Hot on the heels of our i9-9900K review and the ASUS Z390-E ROG Strix yesterday, we’re back again with one of the coolest motherboards on sale today. On the test bench we have the ASRock Z390 Taichi Ultimate. ASRock has made their name on delivering exceptional value per dollar. At $299, does it live up to that reputation? Join us as we find out.
As always with motherboard reviews, these specifications are long. Please click to enlarge the image.
Right away, the Taichi Ultimate makes an incredible first impression. It’s one of the first motherboards I’ve ever used that features a fold out front and viewing window to show off its frankly awesome design. Gaming designs often go for sharp edges but this is the first time I’ve seen a company literally strap a fake blade onto their circuit board and, honestly, it looks darn cool sitting atop the gear-themed heatsink.
Like our review yesterday, ASRock’s latest features Intel’s new Z390 chipset. As we said then, the differences between Z370 and Z390 are overall fairly minor. The biggest upgrades come in the form of built-in Wireless A/C connectivity and USB 3.1 Gen 2. These are good features that this board takes advantage of but it’s clear that manufacturers are feeling some pressure to justify these purchases with extra features of their own. While those two upgrades might not warrant a bump from Z370 all on their own, ASRock has really gone all out to make this one of the best Z390 motherboards in its class and a solid upgrade from many Z370 offerings.
Starting with the physical design, I admit to loving the look of this board even without the bladed PCH cover. The black and grey colorway is stylish without being overstated and the gear imagery really works well on this kind of product. The IO covers, heatsinks, and shielding all have the same industrial feel to them, lending the Taichi Ultimate an Eastern steampunk vibe that’s quite unique.
One of the real standout features here - and there’s a few - is the inclusion of triple M.2 slots for your NVME SSDs. Pricing on high end solid state drives is falling fast and this is the kind of expandability new builders should and will be looking for. There’s also a nice heatsink on the bottom, so I would suggest installing your most used SSD there to prevent thermal throttling. To that end, it would have been nice to see heatsinks across the board like ASUS has begun offering but it’s not an ubiquitous feature quite yet.
In the heatsink department, there are also very healthy heatsinks all along the MOSFETs, which is great to see for thermal stability when overclcoking. The Taichi Ultimate uses a 12-phase VRM solution and heat issues can and do hold other motherboards back when they begin to thermal throttle. Not so here, even as you push higher voltage overclocks.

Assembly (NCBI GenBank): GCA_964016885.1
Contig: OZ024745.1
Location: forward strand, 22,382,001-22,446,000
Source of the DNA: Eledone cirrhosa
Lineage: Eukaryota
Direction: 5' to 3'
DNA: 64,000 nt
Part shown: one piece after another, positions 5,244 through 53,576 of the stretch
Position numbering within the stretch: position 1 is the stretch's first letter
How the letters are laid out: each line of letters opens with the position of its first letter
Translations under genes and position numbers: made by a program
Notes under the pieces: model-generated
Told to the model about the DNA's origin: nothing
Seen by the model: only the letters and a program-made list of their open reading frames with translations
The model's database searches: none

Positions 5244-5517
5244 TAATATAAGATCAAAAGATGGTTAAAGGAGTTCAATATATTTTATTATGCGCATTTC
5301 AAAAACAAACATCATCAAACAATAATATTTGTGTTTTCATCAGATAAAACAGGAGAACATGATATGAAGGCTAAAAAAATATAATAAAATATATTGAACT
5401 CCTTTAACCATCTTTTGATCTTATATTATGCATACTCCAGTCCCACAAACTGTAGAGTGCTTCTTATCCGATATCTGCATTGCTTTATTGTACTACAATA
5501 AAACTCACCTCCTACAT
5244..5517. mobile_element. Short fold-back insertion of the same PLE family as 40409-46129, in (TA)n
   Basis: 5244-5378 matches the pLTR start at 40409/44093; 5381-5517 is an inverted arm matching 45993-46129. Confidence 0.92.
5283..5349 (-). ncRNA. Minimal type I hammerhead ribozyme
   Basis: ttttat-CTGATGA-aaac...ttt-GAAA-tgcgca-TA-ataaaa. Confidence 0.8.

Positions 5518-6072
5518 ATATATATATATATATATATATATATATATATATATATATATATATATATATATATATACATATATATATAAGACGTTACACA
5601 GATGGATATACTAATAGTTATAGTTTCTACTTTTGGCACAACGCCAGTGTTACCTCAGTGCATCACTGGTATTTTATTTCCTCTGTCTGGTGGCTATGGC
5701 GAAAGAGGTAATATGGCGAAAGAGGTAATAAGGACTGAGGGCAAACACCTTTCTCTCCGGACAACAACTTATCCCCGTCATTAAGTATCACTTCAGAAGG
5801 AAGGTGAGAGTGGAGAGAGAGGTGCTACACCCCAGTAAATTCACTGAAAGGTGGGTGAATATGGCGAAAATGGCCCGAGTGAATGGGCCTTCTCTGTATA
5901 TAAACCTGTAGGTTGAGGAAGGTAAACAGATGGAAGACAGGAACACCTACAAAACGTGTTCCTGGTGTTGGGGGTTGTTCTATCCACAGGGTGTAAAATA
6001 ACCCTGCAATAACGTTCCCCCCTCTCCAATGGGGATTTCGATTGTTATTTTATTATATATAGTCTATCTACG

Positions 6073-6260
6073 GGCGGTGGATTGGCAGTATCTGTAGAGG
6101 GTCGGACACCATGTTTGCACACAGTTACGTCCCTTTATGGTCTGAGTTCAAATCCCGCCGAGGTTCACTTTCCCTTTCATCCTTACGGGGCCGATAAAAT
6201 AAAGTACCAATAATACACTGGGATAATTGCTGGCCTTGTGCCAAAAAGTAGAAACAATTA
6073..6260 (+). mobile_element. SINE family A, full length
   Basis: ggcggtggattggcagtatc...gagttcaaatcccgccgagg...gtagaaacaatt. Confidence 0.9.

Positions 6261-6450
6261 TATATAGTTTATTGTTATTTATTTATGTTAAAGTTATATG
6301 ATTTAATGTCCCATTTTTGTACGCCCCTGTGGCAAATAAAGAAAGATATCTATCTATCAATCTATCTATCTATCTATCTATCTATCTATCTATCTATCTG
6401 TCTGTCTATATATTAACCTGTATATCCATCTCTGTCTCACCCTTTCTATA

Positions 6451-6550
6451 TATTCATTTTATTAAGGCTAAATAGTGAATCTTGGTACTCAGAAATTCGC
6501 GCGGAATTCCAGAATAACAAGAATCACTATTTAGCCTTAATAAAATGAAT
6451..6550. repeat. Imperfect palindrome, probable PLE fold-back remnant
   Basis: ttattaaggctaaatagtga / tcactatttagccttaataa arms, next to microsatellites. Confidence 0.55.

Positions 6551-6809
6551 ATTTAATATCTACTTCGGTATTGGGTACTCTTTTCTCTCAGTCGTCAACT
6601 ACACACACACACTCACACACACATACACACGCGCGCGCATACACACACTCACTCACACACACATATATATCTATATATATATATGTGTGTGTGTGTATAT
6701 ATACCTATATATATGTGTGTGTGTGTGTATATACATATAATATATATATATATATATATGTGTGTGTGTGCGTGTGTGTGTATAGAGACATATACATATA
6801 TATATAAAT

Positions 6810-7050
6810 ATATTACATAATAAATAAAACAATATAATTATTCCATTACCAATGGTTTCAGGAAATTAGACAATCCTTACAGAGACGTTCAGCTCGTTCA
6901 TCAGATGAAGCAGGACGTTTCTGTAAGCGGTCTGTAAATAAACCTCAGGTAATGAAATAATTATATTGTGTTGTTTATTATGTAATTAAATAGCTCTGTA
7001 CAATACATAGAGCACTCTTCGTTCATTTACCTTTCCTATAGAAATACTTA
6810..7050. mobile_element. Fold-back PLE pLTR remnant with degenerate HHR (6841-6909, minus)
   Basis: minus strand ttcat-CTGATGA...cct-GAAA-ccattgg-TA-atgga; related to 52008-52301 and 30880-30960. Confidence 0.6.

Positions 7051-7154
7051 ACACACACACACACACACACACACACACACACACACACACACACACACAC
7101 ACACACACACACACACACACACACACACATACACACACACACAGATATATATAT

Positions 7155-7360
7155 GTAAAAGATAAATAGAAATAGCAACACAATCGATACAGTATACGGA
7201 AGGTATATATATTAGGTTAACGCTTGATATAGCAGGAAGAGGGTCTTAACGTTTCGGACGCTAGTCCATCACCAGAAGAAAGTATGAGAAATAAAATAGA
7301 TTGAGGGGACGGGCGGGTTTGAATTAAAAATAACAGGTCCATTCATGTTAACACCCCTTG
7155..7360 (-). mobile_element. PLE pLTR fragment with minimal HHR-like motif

If you are an overclocker, you’ll be happy to find that ASRock has really spared no expense in the componentry here. They refer to this class of board as a “Super Alloy” motherboard, which regards the higher-end materials built into its power delivery system. The Ultimate features 60A chokes and premium capacitors for smooth, efficient power delivery with a 12,000 plus lifespan. You also have a number of headers to support advanced 2A water cooling solutions and thermal probe monitoring. There’s also support for an additional 6 chassis fans with PWM airflow control.
Other features include an excellent 7.1 channel sound system. It utilizes the RealTek ALC1220 codec and Purity Sound 4. The Purity Sound 4 system is really something special featuring separate shielding for left and right audio channels, a high-powered amp to drive headsets up to 600 ohms, and signals up to 32-bit/192kHz. The delivery here is outstanding and makes even some of my audiophile headphones come alive while also supporting DTS surround sound.
Along the back in the rear IO we find another unique feature. On top of 8 USB ports, you’ll also find three separate RJ-45 connections. One of these, colored red, is an incredibly fast 10 Gb/s Aquantia Base-T ethernet port. The other two RJ-45s are each independent gigabit LAN connections that support teaming. When paired, this system can literally double your connection speed by bridging each network. This does require that you have two internet connections, which makes it unlikely for most home users, but it’s a neat function nonetheless. Other connections back here include your 7.1 channel audio and optical connections, 7 USB 3.1 ports (x3 Gen 2, x4 Gen 1), and a single USB Type-C port.
Also, a feature I've grown to love: the debug error code display. Readable error codes can save so much time when something isn't working right. This should be standard on every motherboard.
All in all, the Z390 Taichi Ultimate is stacked. Let’s see how it performed.
Click through to page two to see how it did in our suite of tests!